Naturally, some home buyers worry that a mortgage is a waste of money because home prices are inflated – and if they fall, it means a net loss of money for those buying at the top of the market.
However, experts we interviewed throughout 2022 agree that a housing crash is highly unlikely.
“I don’t believe there will be nationwide destruction. For a crash to occur, supply and demand would have to be reversed, there would have to be more goods than buyers,” Fulmer explains.
“However,” he continued, “I believe many markets around the country have seen artificial inflation in the last two years. These markets may see significant corrections due to rising interest rates and other economic factors.”
If you’re buying in an area with steady growth and a strong economy, you don’t have to worry about paying more than asking price for a home…in these markets, prices can go up more than you paid. for the house”
– Jordan Fulmer, Owner of Momentum Property Solutions
Gelios agrees that we are not in a market bubble. “Unlike what we saw in 2008, there are currently no signs of a housing market crash. For example, we continue to have competitive home buyers willing to pay cash above asking price and a healthy job market with many unfilled positions — two signs that we are by no means headed for a recession.”
He added, “Even with inflation increasing the cost of everything from groceries to autos, we don’t see the housing market slowing down any time soon.” Demand for homes will remain with us for the long haul, especially as first-time buyers re-enter the market this year to pursue home ownership.
Keep in mind that the majority of people shopping for homes today are millennials who have put off buying a home and are eager to become first-time homeowners. As Gen Y continues to be pressured to host their partners and children, they join the hunt and purchase of homes. That means price pressures aren’t going anywhere.
“If you’re buying in an area with consistent growth and a strong economy, you have nothing to worry about paying more than the asking price for a home — assuming you can afford the monthly payments,” Fulmer added. “In these markets, the price will continue to rise above what you paid for the house.”
Buying compared to renting in 2022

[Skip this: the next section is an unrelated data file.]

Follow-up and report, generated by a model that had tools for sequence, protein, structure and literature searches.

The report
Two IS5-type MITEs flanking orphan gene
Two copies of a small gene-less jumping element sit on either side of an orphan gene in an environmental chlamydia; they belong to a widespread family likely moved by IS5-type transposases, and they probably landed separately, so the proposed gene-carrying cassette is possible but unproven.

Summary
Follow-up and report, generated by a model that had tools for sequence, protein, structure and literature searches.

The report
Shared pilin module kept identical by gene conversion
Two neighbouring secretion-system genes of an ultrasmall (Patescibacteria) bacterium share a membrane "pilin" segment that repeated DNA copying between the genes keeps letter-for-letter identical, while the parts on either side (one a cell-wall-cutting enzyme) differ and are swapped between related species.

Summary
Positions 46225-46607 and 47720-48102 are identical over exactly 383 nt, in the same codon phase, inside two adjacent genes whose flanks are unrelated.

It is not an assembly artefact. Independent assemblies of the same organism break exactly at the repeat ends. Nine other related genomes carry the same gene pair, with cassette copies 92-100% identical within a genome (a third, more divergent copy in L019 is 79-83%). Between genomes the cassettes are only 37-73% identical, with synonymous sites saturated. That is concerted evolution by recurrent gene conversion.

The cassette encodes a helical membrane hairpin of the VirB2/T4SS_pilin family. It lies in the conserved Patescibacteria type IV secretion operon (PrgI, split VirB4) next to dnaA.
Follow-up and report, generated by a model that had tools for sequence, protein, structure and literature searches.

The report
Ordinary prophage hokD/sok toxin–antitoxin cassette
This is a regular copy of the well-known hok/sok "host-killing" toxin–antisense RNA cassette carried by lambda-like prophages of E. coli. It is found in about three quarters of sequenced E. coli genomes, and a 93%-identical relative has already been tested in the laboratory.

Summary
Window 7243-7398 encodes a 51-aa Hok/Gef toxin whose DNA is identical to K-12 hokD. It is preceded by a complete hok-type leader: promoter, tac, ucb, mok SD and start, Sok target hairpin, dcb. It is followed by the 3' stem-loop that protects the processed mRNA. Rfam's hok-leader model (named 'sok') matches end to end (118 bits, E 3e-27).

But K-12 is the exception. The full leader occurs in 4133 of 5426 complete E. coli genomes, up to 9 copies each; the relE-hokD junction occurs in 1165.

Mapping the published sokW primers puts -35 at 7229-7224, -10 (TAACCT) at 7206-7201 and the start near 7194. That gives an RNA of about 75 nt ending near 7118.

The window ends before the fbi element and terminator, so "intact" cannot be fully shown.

Home prices have risen rapidly over the past couple of years, and renting isn’t always the more affordable option. Rents have also increased in many places.
“In my market, we’re seeing an additional $300 a month rent increase. That affects how much you can spend on basic necessities like groceries, gas and utilities, says Christian Ross of Engle & Volkers Brokerage Management in Atlanta. “There is also a persistent shortage of rental supply in many markets, which means you may have an easier time finding a home for sale than for rent.”
Housing payments with rent payments
“I focus more on your monthly payments than increasing home appreciation and equity,” he continues. “If your mortgage payment is less than what you would pay for a similar home, you should probably go ahead and buy a home.”
Suzanne Holland, a real estate law professor at Florida International University in Miami, says due diligence is important here.
“You need to do your homework and do the math to find out if it’s more expensive to buy or rent in your market. Find out the sale price of comparable properties and rental prices of rental properties in your area. “Calculate the amount of your monthly mortgage payments based on your research about the sale price versus your expected monthly rent,” she advises.
To estimate your future monthly loan payments, consider the following: Mortgage payment calculator with PMI, taxes and insurance
Loans are fixed, rents are not
If you choose a fixed-rate mortgage loan to finance the property, remember that your monthly principal and interest payments will remain the same throughout the term of your loan. (Remember, though, that property taxes and homeowner’s insurance costs can increase over time.)
“Rental rates, on the other hand, are unpredictable,” says Holland. “Typically, a tenant signs a one-year lease. And when the lease ends, the rent will probably increase. Only five states and the District of Columbia have rent control laws in place.
If you expect to relocate or move within the next few years, renting may make more sense than buying. That’s partly because there are closing costs on home purchases, which can range from 2% to 5% of the amount you borrow. It may take a few years to recoup those costs, which requires persistence.
Your next steps
Still undecided about buying or renting?
“Consult an experienced Realtor and mortgage lender to help you figure out what options are within your budget and shed light on your financial situation,” advises Ross.
Also, carefully research your local market conditions.
“If there is a surplus of jobs, there will likely continue to be more buyers and sellers, resulting in higher home prices,” Fulmer says. “In a less robust market, it may be smarter to continue renting in anticipation of a potential market correction and home appreciation.”
The main thing? If your finances are in order, your job is secure, you can afford the monthly payments, you’re working with a real estate agent, and you’ll be in place for at least a few years, buying a home is not. In the year A waste of money in 2022, the experts agree.